A team of US scientists led by Purdue University unveiled an interactive Google Earth map on Thursday showing carbon dioxide emissions from fossil fuels across the United States.
The high-resolution map shows carbon dioxide emissions in metric tons in residential and commercial areas by state, county or per capita.
Called “Vulcan” after the Roman god of fire, the project, which took three years to complete, quantifies carbon dioxide emissions from burning fossil fuels such as coal and gasoline.
It breaks down emissions by the sectors responsible including aircraft, commercial, electricity production, industrial, residential and transport.
“This will bring emissions information into everyone’s living room as a recognizable, accessible online experience,” said Kevin Gurney, the project leader and an assistant professor of earth and atmospheric sciences at Purdue.
“We hope to eventually turn it into an interactive space where the public will feed information into the system to create an even finer picture of emissions down to the street and individual building level,” he added.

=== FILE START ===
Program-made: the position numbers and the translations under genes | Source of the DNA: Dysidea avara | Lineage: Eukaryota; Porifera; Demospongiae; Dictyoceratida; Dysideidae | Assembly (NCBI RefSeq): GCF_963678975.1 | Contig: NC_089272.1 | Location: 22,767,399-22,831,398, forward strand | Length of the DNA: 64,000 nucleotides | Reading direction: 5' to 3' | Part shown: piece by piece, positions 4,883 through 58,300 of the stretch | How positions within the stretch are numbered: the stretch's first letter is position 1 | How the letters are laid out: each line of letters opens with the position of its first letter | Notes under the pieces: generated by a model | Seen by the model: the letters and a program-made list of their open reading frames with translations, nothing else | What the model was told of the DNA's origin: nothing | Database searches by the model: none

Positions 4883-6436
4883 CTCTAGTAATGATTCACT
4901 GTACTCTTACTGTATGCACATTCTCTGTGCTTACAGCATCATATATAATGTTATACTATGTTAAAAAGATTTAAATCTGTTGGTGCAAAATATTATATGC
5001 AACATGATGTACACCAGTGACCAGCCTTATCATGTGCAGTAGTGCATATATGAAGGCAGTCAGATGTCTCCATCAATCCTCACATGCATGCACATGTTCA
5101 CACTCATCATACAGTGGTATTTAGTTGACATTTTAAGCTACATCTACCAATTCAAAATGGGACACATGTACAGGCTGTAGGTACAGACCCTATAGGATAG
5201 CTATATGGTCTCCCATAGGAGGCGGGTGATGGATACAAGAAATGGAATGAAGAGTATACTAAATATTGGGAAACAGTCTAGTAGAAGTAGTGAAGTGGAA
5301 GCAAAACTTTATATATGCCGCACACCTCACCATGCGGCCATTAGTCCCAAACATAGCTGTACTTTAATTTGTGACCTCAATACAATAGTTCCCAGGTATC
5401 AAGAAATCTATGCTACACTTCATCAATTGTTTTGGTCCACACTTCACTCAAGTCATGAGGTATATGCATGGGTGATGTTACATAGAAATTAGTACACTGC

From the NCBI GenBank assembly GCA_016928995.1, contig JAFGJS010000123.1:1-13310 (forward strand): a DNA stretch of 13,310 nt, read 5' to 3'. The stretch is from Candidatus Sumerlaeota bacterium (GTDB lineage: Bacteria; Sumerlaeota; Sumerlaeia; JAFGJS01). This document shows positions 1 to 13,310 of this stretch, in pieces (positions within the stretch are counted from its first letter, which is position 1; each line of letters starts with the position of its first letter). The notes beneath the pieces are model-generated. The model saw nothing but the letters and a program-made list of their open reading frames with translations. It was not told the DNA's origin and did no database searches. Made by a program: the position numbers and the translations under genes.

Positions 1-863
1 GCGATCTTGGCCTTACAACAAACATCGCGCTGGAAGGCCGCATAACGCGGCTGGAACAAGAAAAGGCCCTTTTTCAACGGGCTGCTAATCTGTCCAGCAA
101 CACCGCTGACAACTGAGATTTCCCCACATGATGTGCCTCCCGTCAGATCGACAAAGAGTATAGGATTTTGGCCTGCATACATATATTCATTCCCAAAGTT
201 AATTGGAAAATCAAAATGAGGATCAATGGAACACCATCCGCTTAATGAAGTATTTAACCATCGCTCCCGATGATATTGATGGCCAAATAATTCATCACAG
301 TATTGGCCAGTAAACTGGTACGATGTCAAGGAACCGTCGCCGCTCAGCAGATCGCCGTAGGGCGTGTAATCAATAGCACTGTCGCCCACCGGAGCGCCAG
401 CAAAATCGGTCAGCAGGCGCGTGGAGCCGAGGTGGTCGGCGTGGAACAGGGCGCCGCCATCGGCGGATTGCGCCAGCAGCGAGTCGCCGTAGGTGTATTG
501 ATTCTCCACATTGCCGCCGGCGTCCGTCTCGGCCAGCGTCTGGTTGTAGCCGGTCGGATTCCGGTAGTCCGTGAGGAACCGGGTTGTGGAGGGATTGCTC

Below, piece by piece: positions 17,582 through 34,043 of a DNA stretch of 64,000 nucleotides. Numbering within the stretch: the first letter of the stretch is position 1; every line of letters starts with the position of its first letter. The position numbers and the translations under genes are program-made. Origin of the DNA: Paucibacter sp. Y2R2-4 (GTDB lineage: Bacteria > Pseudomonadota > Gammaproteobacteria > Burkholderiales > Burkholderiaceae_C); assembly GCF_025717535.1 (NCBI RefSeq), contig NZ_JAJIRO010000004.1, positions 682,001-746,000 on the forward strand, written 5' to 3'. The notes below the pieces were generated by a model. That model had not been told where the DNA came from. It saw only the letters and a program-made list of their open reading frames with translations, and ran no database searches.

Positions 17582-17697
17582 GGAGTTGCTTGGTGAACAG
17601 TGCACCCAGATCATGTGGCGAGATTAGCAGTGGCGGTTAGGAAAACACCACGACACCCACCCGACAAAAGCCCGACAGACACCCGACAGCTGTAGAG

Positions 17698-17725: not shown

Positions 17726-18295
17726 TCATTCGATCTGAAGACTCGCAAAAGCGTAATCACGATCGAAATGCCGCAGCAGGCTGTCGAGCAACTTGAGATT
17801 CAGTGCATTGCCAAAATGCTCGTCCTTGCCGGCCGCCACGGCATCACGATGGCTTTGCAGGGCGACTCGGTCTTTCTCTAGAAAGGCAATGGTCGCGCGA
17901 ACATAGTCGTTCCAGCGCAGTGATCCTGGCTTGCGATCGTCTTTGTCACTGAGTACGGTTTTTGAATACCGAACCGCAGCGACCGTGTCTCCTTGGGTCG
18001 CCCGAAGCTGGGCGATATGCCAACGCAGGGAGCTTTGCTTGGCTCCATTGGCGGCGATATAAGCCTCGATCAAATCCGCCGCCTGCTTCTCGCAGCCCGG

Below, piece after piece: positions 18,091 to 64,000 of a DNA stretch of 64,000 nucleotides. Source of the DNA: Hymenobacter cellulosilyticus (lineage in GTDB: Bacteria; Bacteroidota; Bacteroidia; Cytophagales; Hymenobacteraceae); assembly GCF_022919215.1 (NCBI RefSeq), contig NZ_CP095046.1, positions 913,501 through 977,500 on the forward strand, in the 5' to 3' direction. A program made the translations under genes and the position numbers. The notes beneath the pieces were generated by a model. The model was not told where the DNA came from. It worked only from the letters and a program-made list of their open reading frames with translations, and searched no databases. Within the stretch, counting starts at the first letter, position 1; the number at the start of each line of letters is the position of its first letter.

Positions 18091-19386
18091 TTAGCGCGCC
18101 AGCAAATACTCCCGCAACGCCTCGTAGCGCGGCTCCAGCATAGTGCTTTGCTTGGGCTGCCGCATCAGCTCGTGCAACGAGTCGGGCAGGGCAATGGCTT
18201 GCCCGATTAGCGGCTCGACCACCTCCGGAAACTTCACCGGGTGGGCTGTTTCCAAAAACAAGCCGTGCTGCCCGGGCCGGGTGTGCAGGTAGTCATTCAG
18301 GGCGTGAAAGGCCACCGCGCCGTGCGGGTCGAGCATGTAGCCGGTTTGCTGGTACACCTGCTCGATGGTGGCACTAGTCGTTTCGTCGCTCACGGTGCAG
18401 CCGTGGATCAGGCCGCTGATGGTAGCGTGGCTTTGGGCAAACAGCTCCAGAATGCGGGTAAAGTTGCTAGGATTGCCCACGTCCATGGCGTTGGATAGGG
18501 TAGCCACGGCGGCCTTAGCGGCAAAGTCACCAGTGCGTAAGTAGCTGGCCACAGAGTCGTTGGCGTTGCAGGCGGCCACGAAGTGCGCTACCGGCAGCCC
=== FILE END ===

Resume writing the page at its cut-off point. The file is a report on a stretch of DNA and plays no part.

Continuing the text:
The United States accounts for some 25 percent of global emissions of carbon dioxide, which scientists have identified as the most important human-produced gas contributing to global climate change.
Simon Ilyushchenko, an engineer at Internet search giant Google who worked on the project, said “integrating the data with Google Earth was a way to advance public understanding of fossil fuel energy usage.
“Dynamic maps of the data, broken down by the different sources of emissions, easily show where people burn more gasoline from driving or where they use more fuel for heating and cooling homes and businesses,” he said.
Vulcan integrates carbon dioxide emissions data from the US Environmental Protection Agency and US Department of Energy. The current data is from 2002, but the scientists said they plan to incorporate more recent data.
Besides Purdue, the project also involved researchers from Colorado State University and Lawrence Berkeley National Laboratory. It was funded by NASA, the US Department of Energy, the Purdue Showalter Trust and Indianapolis-based Knauf Insulation.